Once the cake is cooled, place raspberries in a small bowl and toss with the raspberry liqueur.  Then fill the center hole of the cake with the raspberries and pour all excess liqueur from the bowl on top of the berries.

Spoon the cold custard over the center and top of cake, making sure the raspberries are completely covered.  Sprinkle on the sugar and take a blow torch to the custard and let the sugar brown and  caramelize to form a shell over the top of the cake.

Tips and Notes:
1. The cake by itself can be made a day ahead and kept at room temperature. However, if filled and covered in custard, it must be served immediately.
2. The custard can also be made a day ahead and kept refrigerated.
3. The recipe states to spoon the custard over the top and drizzle down the sides.  The drizzling effect is hard to achieve with cold custard, but piping the custard down the sides is an option.
4. If I was to make this again, I would probably increase the custard recipe by 1/2 to insure that there is enough to drizzle down the sides.
                                      **LAST YEAR:Aristocrat Cookies**


Sunday, January 12, 2014

Kiwi Pomegranate Angel Pies

Ok, so now that most of the holiday cookie season has passed us, time to move on to something a little more different.  Time for winter fruit, but not apples or pears.  Looking at the list of seasonal fruits, kiwi and pomegranate jumped out at me.  Then the hunt was on for a dessert that incorporated both of these delicious lovely fruits.

Not only did I find a recipe, but it also put me to the challenge of making something fairly new.  I have made a few things with meringue, but never like this.  The meringues were not as fragile as expected.  Also, regarding the pastry cream, I found the instructions particularly easy. Unlike this recipe, others involve standing and whisking at the stove for up to 20 minutes in order for the pastry cream to thicken.  Even though this recipe takes time, it is actually wait time, not working time.

This tri-texture dessert does please the palate as well as the eye. The combo of juicy fruit, thick rich pastry cream and the crunchy meringue makes for a wonderful way to end a meal. This dessert is one that will make an impression and be remembered long after your the dinner party is over.

Kiwi Pomegranate Angel Pies
adapted from Gourmet Magazine/Nov 2006

1/4 tsp cream of tartar
1/4 tsp salt
1 cup granulated sugar
4 eggs
1 tbs powdered sugar

Ingredients/Pastry Cream
2 tsp corn starch
1 1/2 tbs flour or 1 tbs and 1 1/2 tsp
1/4 cup granulated sugar
1 tbs butter, melted
1/2 cup chilled heavy cream
4 egg yolks (reserved from meringue)
1/2 tsp vanilla
1 cup whole milk

Ingredients/Fruit Topping
1/2 cup pomegranate(fruit from one whole peeled pomegranate)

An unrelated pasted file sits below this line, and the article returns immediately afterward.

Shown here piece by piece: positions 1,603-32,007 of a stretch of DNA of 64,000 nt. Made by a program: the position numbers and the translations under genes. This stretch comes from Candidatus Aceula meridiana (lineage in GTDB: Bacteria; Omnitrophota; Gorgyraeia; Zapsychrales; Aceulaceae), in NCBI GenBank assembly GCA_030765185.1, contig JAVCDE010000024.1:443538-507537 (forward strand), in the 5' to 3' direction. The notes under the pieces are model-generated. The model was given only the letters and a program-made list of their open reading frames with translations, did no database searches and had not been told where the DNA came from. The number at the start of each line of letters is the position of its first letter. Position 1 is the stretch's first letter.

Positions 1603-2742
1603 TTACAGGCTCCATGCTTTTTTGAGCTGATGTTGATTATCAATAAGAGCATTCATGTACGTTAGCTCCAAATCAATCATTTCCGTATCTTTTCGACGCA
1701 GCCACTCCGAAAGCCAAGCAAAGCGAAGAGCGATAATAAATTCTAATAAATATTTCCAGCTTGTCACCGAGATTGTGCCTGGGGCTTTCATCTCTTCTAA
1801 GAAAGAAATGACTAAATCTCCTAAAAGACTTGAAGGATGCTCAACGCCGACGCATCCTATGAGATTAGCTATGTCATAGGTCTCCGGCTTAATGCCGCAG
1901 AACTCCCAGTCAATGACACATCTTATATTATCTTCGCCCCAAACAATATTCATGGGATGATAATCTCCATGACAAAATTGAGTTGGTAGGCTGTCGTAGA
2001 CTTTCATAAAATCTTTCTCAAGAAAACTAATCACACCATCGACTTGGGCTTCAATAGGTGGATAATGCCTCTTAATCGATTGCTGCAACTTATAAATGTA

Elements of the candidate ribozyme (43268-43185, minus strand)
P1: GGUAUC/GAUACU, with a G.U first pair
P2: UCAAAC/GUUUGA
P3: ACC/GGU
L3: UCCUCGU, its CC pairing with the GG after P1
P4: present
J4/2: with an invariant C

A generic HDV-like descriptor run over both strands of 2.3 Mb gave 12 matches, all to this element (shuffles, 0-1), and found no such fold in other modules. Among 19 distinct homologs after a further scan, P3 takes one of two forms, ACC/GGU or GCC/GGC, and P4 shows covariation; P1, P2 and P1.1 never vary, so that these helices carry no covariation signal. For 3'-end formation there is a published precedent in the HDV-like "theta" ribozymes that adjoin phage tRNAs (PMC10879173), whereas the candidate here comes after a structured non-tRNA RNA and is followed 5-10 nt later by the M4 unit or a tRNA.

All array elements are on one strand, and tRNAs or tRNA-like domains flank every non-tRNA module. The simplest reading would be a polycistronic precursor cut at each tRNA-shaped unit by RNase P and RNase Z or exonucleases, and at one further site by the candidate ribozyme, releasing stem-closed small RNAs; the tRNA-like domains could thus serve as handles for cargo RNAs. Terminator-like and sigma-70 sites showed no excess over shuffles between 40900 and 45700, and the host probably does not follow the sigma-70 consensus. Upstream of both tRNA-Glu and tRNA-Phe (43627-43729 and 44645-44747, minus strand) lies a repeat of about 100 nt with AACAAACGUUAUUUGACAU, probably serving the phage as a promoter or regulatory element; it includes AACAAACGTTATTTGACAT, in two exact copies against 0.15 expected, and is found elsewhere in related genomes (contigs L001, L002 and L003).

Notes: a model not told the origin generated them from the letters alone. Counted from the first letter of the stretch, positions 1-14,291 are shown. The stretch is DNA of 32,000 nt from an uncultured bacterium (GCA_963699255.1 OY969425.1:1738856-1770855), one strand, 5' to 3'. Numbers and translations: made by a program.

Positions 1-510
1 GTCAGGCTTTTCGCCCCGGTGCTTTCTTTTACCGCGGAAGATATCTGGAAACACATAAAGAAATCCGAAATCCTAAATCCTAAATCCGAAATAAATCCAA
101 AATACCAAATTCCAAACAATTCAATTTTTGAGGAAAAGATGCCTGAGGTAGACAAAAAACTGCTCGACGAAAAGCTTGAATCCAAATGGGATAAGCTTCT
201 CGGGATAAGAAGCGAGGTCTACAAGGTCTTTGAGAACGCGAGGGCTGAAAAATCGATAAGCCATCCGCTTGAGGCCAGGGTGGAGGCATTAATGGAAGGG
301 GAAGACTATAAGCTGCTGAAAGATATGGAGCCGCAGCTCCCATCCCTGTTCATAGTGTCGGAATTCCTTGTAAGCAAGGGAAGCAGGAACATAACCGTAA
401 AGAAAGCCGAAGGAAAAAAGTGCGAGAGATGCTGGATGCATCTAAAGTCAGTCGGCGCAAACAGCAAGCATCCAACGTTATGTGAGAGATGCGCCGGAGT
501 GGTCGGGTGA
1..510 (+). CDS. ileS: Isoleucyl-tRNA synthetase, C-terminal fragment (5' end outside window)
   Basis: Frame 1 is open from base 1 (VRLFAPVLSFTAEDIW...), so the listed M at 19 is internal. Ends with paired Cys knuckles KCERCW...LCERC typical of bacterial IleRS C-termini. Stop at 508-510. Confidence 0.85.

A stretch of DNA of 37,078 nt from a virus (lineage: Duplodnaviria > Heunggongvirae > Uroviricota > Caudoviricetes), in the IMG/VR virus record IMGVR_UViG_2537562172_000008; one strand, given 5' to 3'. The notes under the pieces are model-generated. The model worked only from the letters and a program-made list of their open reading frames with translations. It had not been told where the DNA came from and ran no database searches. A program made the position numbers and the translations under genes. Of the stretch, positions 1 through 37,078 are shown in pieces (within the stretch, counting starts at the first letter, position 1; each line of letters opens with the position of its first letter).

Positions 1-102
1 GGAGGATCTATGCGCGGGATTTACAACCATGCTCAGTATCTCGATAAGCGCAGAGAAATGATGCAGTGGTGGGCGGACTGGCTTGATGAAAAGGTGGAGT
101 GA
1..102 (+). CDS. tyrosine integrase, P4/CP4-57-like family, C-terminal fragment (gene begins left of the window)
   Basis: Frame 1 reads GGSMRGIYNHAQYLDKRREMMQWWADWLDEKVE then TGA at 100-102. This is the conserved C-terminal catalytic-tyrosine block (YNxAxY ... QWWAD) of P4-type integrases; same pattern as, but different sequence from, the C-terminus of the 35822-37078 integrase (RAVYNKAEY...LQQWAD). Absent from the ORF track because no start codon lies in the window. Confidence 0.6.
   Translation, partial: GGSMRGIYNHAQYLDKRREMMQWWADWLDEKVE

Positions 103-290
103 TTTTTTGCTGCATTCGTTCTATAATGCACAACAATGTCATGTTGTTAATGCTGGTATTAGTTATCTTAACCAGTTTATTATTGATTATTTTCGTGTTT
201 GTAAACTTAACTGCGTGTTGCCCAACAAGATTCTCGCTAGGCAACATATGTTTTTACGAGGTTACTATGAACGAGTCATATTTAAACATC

8-10 kiwi fruit

The first part of this dessert is the meringue.  Preheat the oven to 200 degrees and prepare 2 baking sheets by lining with parchment paper.  Separate eggs by putting yolks in a small bowl, cover and place in refrigerator to reserve for pastry cream.  Pour egg whites into the bowl of a stand mixer.  Beat the eggs whites at medium speed until they reach the foamy stage.  With the mixer still running, add the cream of tartar and salt and continue to beat until you reach the soft peak stage.  Then start beating in the sugar in one tablespoon increments until a total of 8 tbs or 1/2 cup has been added.

Turn the mixer up to high speed and beat for 5 minutes.  The end result should be meringue with a stiff glossy consistency.  Using a wooden spoon, fold in the remaining 1/2 cup of sugar.

To form the meringues, you can use a pastry tip.  Make a circle of meringue (about 3 1/2 to 4 inches in diameter and then form another layer with a circle on top.  Then put a little meringue in the center and smooth it out so it forms a bottom, like an empty pool.  This creates a nice base to put your pastry cream into.  The other method is to spoon out the meringue and use the back of the spoon to make an indention. Continue to form the meringues, making a total of 10 meringues, 5 on each baking sheet.

Using a sieve, fill with powdered sugar and lightly dust the surface of each meringue.  Place each pan in the oven and leave door propped open about a 1/2 an inch.  A wooden spoon is a good item to use for this purpose.  Let meringues cook for about 2 1/2 hours.  They should be very dry and crisp.  Turn the oven off and allow for an additional hour in the oven to dry completely. During the last 15 minutes, remove the egg yolks from the refrigerator to get to room temperature. After the baking process, remove pans from the oven and carefully peel meringues off the parchment paper.  Place each meringue on a cooling rack.